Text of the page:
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Mark Bern, CFA  

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  • The Time To Hedge Is Now! 2,753 Percent Profits On Men's Wearhouse [View article]
    DAMSF - Thanks for noticing! There are a few of the candidates that seen ready to drop. Internals of the market are terrible right now as the leadership is coming from a very small number of mega-cap stocks. The majority are down significantly, so those that begin to show weakness are trading more on fundamentals now than in the past. This is when we can get some profits to take as we role into new positions soon.
    Nov 16, 2015. 06:49 PM | Likes Like |Link to Comment
  • Major Indices At A Crossroads... Again [View article]
    26891393 - I just try to keep things honest. Investing from 2010 through mid-2014 was the easy part - just follow the Fed. But eventually the effectiveness of QE and ZIRP would wear down and the Fed would have little left to fight the next recession. Here we are potentially on the edge of another recession and central banks around the world have ammo belts that are either empty or nearly so. That has me concerned about how bad the next recession could be and how many companies will need to be allowed to file for bankruptcy protection. It also has me worried about how many jobs will be lost and how much more of our taxpayer money gridlocked gov't will use to try to stop the bleeding.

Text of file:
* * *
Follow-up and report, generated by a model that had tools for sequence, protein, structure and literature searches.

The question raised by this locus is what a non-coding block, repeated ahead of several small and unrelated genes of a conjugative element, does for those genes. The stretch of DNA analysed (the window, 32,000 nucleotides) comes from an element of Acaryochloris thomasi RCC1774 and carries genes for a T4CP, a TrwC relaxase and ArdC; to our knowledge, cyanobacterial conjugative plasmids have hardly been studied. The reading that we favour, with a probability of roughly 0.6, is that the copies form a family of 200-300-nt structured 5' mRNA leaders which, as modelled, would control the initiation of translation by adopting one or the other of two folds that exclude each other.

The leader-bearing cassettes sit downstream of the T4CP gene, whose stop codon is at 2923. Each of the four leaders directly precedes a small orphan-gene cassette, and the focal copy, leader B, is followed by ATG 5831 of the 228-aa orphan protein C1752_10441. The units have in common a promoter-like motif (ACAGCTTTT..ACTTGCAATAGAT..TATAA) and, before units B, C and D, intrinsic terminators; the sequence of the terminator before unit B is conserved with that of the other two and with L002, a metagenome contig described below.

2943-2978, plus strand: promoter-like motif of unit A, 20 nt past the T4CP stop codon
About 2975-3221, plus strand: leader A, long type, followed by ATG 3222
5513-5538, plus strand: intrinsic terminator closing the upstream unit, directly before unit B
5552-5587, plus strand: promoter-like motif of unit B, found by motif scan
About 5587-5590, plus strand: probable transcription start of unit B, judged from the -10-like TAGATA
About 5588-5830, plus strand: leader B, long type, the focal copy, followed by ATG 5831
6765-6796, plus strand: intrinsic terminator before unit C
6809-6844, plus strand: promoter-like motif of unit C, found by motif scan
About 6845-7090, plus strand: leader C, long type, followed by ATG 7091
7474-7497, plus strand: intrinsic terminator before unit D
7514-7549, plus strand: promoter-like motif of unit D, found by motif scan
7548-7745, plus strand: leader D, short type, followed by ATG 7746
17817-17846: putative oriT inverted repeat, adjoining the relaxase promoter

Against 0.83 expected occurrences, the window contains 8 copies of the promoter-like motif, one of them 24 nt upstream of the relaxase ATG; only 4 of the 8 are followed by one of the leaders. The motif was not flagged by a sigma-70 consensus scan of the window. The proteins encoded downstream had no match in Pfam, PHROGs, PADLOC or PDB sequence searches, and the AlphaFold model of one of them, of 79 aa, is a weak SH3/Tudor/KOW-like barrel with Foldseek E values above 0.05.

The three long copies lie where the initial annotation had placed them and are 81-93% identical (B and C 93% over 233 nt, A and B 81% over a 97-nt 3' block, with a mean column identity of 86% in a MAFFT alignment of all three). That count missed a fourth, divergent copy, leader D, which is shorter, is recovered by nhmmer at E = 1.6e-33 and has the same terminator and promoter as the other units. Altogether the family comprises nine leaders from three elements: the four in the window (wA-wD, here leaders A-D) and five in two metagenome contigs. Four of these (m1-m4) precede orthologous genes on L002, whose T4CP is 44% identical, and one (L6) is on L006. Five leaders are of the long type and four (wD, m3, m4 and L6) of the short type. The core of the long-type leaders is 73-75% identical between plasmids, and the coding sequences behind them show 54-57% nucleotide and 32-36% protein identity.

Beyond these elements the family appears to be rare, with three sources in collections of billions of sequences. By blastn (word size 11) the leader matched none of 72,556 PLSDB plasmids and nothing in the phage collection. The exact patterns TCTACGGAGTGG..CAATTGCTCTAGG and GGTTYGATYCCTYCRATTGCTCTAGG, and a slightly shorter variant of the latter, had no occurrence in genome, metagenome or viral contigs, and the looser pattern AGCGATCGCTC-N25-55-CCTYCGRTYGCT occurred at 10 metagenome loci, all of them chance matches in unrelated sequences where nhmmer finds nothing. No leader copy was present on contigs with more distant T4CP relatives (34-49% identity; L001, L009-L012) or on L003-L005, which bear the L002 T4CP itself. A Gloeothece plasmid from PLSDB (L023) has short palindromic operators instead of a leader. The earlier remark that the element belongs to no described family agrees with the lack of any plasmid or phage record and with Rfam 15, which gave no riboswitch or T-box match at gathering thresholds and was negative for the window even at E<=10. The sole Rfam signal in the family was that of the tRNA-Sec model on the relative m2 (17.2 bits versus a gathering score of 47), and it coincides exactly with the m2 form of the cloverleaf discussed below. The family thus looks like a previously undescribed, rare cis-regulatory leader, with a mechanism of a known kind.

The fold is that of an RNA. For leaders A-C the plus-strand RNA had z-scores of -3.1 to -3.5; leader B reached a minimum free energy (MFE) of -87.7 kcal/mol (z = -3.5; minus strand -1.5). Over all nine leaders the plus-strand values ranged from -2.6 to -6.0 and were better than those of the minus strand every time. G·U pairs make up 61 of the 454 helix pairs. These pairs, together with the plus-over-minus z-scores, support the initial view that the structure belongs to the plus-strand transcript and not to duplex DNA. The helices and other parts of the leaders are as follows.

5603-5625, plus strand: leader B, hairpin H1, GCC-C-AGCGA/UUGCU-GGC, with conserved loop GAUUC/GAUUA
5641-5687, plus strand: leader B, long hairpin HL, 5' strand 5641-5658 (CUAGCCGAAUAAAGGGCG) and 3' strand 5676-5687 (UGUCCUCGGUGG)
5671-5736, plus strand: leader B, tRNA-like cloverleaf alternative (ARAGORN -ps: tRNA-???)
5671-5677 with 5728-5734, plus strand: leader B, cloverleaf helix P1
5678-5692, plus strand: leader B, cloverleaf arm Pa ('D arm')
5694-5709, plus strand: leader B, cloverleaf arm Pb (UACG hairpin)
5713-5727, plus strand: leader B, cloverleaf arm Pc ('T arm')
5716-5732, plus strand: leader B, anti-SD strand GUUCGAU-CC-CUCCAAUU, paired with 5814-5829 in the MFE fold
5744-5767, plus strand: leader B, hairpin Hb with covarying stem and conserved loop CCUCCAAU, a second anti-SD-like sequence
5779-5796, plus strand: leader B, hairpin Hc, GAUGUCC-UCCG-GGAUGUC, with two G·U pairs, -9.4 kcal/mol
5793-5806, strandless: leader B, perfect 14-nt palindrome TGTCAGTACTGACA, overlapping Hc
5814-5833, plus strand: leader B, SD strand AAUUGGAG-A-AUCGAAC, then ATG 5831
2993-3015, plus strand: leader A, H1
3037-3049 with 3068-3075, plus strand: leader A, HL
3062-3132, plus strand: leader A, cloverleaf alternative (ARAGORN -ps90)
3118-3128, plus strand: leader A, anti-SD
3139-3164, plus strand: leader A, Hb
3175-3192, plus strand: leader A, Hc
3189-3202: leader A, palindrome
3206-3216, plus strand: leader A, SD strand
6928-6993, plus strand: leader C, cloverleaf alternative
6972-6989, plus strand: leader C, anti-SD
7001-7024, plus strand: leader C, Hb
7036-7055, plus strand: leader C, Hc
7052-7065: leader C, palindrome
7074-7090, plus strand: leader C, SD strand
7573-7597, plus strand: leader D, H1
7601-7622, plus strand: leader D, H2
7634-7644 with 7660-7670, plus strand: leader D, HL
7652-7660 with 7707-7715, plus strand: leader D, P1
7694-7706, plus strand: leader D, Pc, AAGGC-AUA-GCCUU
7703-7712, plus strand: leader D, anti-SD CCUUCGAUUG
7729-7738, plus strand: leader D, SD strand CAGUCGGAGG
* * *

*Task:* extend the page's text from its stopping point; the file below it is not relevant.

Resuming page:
I could be wrong and everything may just keep on limping along up the mountain as central banks continue to work in an cooperative effort to save us from ourselves. If that happens it will be a first in the history of mankind. I am reluctant to place much of a bet on a theory.

    Thanks for sharing your thought. Misery loves company. :)
    Nov 16, 2015. 11:03 AM | 2 Likes Like |Link to Comment
  • Major Indices At A Crossroads... Again [View article]
    JW11 - I just kept coming across more and more companies with stocks trading below the 200-day MA and decided it was worth looking under the hood. It is tedious work, but the results were jaw-dropping for me and I thought it could be useful for people to understand why their respective portfolios are down so much while the indices are not. This seems like more than just sector rotations to me.

    Thanks for reading.
    Nov 16, 2015. 10:55 AM | 1 Like Like |Link to Comment
  • Major Indices At A Crossroads... Again [View article]
    kovnat - Making people think is what this article is intended to do. I am also a long-term investor and like to wait for bargains as I explained in my recent article, "How I Created My Own Portfolio Over a Lifetime." Here is a link for those who might want to know more about my investment philosophy:

    The analogy of comparing the U.S. to Japan isn't quite a good fit. The U.S. has another generation coming along called the millennials that will eventually pull our economy out of the deflationary environment. Japan does not have that. The actions of our Fed are similar though and it will be difficult for future generations to create the levels of growth our great nation has enjoyed in the past due to the drag of gov't debt that will become more and more costly, sucking capital out of the economy that could otherwise create jobs.

    Thanks for the engaging comment.
    Nov 16, 2015. 10:52 AM | 1 Like Like |Link to Comment
  • Major Indices At A Crossroads... Again [View article]
    DAMSF - Thanks for reading and glad you enjoyed it. I just think this is a time when people should be cautious.
    Nov 16, 2015. 03:21 AM | 1 Like Like |Link to Comment
  • Quick Chat # 285 [View instapost]
    Here it is!

    Hope you find it interesting and informative. Some of what I found dropped my jaw.
    Nov 16, 2015. 02:17 AM | 5 Likes Like |Link to Comment